A third alternative would include applying a threshold to the processing of the type A packet 40. In this scenario, if processing of the type A packet is not complete when the processing counter 120 meets the threshold held by the fair counter 150, processing on the first type B packet would resume until the threshold value held in the fair count register 150 is met. When the threshold value in the fair count register 150 is met, if the first type B packet is still not completed, then the queue server would return to processing the type A packet at the point where processing was discontinued. This process of going back and forth between the type A and type B packets would continue until either the type A or type B packet was completed. It should be appreciated that the same counter does not have to be used for type A and type B packets. Furthermore, each type of packet can also have different threshold values.

Computer code implementing the queue service methodology is presented in Appendix I. While the computer code presented in Appendix I is presented sequentially, the actual processing of the queue occurs in parallel in different hardware components. Some of the parallel operations include but are not limited too, the register updates, the counter increments, the comparator operations, and the queue controller operations. Software code to implement the present method could be implemented in C or another higher level language. In the pseudo code presented in Appendix I, the packets could be maintained as linked list. When forward linked list is used to represent the packets the previous pseudo code register 110 is required, to resplice (delete the packet processed and relink the previous packet to the next packet in the queue) the list after the type A packet has been processed. However when the method is implemented using both backward and forward linked list the previous pseudo code register 110 would not be required because the backward linked list would enable the queue to be respliced.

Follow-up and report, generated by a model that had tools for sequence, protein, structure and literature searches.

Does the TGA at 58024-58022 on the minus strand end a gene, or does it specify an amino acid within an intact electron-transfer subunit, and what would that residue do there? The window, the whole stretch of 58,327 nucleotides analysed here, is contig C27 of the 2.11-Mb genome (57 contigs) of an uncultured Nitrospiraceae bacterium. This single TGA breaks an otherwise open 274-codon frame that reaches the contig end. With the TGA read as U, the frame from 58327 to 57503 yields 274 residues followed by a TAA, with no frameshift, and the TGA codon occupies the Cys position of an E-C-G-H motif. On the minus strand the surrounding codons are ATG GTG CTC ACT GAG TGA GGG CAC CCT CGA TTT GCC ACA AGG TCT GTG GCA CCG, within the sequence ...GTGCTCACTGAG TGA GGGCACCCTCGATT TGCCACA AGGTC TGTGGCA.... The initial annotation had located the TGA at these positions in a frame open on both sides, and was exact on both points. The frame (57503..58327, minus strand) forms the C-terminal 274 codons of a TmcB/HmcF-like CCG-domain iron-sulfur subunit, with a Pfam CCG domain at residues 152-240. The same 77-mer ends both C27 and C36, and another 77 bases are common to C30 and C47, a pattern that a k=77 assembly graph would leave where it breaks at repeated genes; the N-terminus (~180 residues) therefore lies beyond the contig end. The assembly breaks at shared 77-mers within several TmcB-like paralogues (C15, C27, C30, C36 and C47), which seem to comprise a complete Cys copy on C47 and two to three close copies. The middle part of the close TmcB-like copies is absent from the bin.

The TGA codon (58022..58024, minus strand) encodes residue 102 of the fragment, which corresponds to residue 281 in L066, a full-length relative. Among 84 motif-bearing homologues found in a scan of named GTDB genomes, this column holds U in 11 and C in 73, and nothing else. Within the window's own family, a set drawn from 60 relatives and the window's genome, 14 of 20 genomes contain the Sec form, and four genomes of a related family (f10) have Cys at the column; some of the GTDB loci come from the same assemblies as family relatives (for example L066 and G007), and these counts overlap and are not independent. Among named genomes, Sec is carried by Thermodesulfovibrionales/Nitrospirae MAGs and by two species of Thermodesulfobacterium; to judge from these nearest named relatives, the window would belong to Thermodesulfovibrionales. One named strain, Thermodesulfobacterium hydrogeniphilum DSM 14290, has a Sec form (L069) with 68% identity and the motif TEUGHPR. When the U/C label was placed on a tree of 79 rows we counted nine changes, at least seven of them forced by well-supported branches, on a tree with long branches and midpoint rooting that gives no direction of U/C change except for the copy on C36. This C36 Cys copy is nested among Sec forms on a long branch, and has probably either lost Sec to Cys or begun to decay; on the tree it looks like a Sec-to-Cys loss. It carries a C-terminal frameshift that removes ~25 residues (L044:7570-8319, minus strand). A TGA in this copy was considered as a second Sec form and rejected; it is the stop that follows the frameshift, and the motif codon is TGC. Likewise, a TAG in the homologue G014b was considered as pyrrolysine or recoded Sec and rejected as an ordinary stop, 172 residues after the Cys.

FIG. 2 displays the flow diagram of the computer code detailed in Appendix 1. The flow diagram describes the entire methodology of the present invention, it should be appreciated the flow diagram is executed in one clock cycle, and multiple passes through the flow diagram are required to complete processing of a packet. At the start of the processing at position 200, both the true pointer and the pseudo head pointer are positioned at the beginning of the queue. At 210, processing of the current packet at the head of the queue would be performed.

The first step in the computer code is to get an input, as denoted by 220. Getting an input translates physically into a packet being appended at the end of the queue. At 230, if the packet at the head is completely finished, reset the fairness count to zero and processing of the next packet at the head of the queue begins (the true head pointer and register are updated). At 240 the normal cycle for processing is defined as when the fairness counter is less than the maximum fair count defined. Physically, this step translates into processing a large packet since if the processing threshold has not been met, processing on the current large packet can continue. At step 250, the bypass cycle is defined as when the pseudo head pointer reaches a short packet. When the queue server is processing in the normal cycle or not in the bypass cycle, as denoted by 260, and in addition when the queue server is not in a bypass cycle as denoted by 270, the pseudo head pointer moves down to the next packet and the previous pseudo head pointer is also updated. Also the program checks to make sure that the queue server is not at the end of the queue, as denoted by 280. Once the queue server is not at the end of the queue, the packet that is at the true head is serviced as denoted by 290. The job service step denoted by 290 returns “true” if the job is completed and “false” if the job is not completed. Finally at 300, the fairness counter is incremented by one to denote that one cycle of processing has occurred on the packet.